More restaurants, vending machines to display calorie counts — but will it change our eating habits?
A Big Mac, a large Coke and large fries has 1,360 calories — more than three times the recommended 400 calories per meal.
Public health officials hope seeing calorie counts like these on restaurant menus and vending machines will lead consumers to make healthier food choices and help reduce obesity in America. But as Americans increasingly opt for meals outside the home, the battle's quickly becoming uphill.
The Patient Protection and Affordable Care Act of 2010 requires restaurants with 20 or more locations to post calorie counts on menus. According to the Food and Drug Administration, 280,000 of the United State's 600,000 restaurants will be subject to the new regulations.
In September, McDonald's was one of the first large fast food chains to roll out the new menus.
Starting in 2013, the American Beverage Association is launching its Calories Count program with Coca-Cola and PepsiCo, where calorie information will be posted on vending machines. The program is first rolling out in a few cities, then going nation-wide.
Whether the up-front information will lead to healthier choices is still up for debate.
While the nutritional information itself has been freely available, especially online, one Kirksville, Mo., parent said when it comes to eating out, she and her family aren't thinking most about the calories.
"When it comes to dining out, we go out with a different perspective," said Stacey Semple, Kirksville resident and mother of two young boys. "When we go out we're not that worried about it and when it comes to a kid's meal, it's kind of a special treat."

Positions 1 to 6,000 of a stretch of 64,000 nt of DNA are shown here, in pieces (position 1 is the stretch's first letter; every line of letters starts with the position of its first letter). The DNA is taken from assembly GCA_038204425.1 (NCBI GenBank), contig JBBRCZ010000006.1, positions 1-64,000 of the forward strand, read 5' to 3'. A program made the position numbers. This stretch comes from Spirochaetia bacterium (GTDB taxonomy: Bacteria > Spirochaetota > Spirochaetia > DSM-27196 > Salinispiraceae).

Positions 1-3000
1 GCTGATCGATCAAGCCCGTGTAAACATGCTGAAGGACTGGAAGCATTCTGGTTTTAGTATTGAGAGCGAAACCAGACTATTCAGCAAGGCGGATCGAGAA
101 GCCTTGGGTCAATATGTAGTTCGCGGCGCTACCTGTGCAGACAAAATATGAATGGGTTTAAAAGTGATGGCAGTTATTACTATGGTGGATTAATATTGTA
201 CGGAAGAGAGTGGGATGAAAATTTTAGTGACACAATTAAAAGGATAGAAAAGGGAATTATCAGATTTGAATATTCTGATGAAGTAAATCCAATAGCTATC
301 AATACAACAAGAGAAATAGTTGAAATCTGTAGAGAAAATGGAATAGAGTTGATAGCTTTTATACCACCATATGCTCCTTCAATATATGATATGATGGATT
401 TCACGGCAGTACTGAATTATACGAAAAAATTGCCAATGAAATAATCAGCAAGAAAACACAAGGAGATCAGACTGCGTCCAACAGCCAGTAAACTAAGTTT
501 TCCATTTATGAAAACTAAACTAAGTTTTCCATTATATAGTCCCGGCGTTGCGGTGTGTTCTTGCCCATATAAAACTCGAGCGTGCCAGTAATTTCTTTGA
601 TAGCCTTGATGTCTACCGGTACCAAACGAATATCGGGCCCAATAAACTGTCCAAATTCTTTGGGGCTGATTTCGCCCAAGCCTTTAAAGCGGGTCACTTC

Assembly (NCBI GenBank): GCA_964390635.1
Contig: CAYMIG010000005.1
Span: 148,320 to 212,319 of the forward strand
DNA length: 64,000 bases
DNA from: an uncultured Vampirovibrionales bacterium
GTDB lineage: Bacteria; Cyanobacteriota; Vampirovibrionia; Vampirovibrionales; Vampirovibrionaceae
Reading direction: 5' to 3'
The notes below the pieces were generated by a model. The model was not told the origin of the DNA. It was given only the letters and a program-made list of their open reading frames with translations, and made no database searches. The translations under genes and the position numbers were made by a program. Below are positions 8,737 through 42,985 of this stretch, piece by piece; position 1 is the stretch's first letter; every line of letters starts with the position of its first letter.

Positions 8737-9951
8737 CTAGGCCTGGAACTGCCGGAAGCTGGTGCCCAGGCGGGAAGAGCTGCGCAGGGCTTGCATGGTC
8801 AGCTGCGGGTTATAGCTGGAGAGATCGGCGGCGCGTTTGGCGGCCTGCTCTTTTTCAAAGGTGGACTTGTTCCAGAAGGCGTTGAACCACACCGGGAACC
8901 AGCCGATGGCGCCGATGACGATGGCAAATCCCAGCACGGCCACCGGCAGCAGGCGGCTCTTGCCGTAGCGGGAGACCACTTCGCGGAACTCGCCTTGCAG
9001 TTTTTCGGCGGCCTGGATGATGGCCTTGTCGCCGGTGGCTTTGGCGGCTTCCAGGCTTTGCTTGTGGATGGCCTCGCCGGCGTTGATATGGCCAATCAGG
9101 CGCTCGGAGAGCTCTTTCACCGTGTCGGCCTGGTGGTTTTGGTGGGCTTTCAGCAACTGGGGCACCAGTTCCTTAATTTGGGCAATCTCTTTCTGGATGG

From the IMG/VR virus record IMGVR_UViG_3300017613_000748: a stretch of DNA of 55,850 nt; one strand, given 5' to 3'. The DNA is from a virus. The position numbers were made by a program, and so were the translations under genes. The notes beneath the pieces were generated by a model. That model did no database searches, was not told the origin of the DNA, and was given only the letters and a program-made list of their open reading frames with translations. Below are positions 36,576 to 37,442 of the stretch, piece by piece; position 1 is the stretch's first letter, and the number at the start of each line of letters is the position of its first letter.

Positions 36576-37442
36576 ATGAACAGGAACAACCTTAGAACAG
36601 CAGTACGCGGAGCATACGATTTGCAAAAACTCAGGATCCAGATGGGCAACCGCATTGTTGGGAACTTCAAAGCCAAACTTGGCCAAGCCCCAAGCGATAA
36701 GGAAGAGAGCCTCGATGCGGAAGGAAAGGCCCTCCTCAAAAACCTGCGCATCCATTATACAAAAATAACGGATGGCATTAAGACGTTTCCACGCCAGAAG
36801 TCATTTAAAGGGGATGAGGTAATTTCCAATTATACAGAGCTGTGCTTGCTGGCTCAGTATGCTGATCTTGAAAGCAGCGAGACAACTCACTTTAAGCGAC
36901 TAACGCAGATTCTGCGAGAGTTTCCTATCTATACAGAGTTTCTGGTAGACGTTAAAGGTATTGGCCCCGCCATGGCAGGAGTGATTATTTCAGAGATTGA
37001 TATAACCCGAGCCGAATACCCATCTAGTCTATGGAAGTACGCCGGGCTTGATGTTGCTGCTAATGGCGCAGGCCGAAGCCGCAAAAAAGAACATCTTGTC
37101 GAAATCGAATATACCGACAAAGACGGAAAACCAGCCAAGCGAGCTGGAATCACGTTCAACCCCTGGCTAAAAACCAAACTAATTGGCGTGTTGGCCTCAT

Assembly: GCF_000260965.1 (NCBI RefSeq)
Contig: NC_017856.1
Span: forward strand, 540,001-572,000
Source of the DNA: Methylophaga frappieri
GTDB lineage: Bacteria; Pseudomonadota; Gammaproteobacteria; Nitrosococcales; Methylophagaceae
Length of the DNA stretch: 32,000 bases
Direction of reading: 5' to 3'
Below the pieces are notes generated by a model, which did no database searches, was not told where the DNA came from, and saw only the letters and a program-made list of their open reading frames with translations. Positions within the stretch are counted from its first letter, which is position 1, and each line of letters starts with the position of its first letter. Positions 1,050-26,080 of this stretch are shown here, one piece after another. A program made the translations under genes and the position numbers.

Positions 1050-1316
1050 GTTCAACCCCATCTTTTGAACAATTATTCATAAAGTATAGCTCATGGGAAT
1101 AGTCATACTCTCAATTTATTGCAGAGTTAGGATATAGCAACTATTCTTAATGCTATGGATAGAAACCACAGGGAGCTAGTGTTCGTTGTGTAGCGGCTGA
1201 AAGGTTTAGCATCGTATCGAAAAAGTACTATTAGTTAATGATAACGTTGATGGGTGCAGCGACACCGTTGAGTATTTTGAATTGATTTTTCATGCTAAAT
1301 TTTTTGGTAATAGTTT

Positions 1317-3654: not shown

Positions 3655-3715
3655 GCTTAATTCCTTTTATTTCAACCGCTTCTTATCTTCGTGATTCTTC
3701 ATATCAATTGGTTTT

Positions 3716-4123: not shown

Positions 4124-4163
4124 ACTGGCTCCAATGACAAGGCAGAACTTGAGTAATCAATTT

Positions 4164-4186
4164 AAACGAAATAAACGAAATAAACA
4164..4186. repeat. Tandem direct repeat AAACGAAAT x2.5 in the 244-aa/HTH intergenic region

For her family's nutrition, most of the management and control takes place at home.
At home, Semple said her 6- and 8-year-old boys are allowed snacks like fruit, granola and yogurt and that soda is usually reserved for the weekend.
"We're definitely not obsessive calorie counters, but we keep healthier options on hand to help encourage healthy choices in the future," she said.
Another mother, Jennifer Taylor Rider, said in a Facebook reply that she views nutrition and food as the body's fuel and strives to "put in the best possible foods to operate [at] your highest potential."
She also limits her children's intake of soda and sugar.
"Obesity among our youth is growing at an extreme rate," she said.
But it's not just youth that are seeing the bulge.
The percentage of calories Americans consume away from home has almost doubled since the late 1970s, according to the USDA Economic Research Service — and it's affecting our health and waist lines.
A study from the National Heart, Lung, and Blood Institute published in 2004 indicated young adults who eat frequently at fast food restaurants gain more weight and have a greater increase in insulin resistance in early middle age.
Insulin resistance is a risk factor for type 2 diabetes, and diabetes is a major risk factor for heart disease.
Expanding awareness, waistlines
As Americans' eating-out habits have increased, so has the nation's obesity rate.
The percentage of children in the United States who were obese increased from 7 percent in 1980 to almost 20 percent in 2008, according to the Centers for Disease Control. Adolescents saw a similar increase.
More than one-third of U.S. adults are obese, resulting in about $147 billion in health care costs in 2008, according to the CDC.
Jim White, registered dietitian and spokesperson for the Academy of Nutrition and Dietetics, said calorie awareness is important for addressing overeating in America.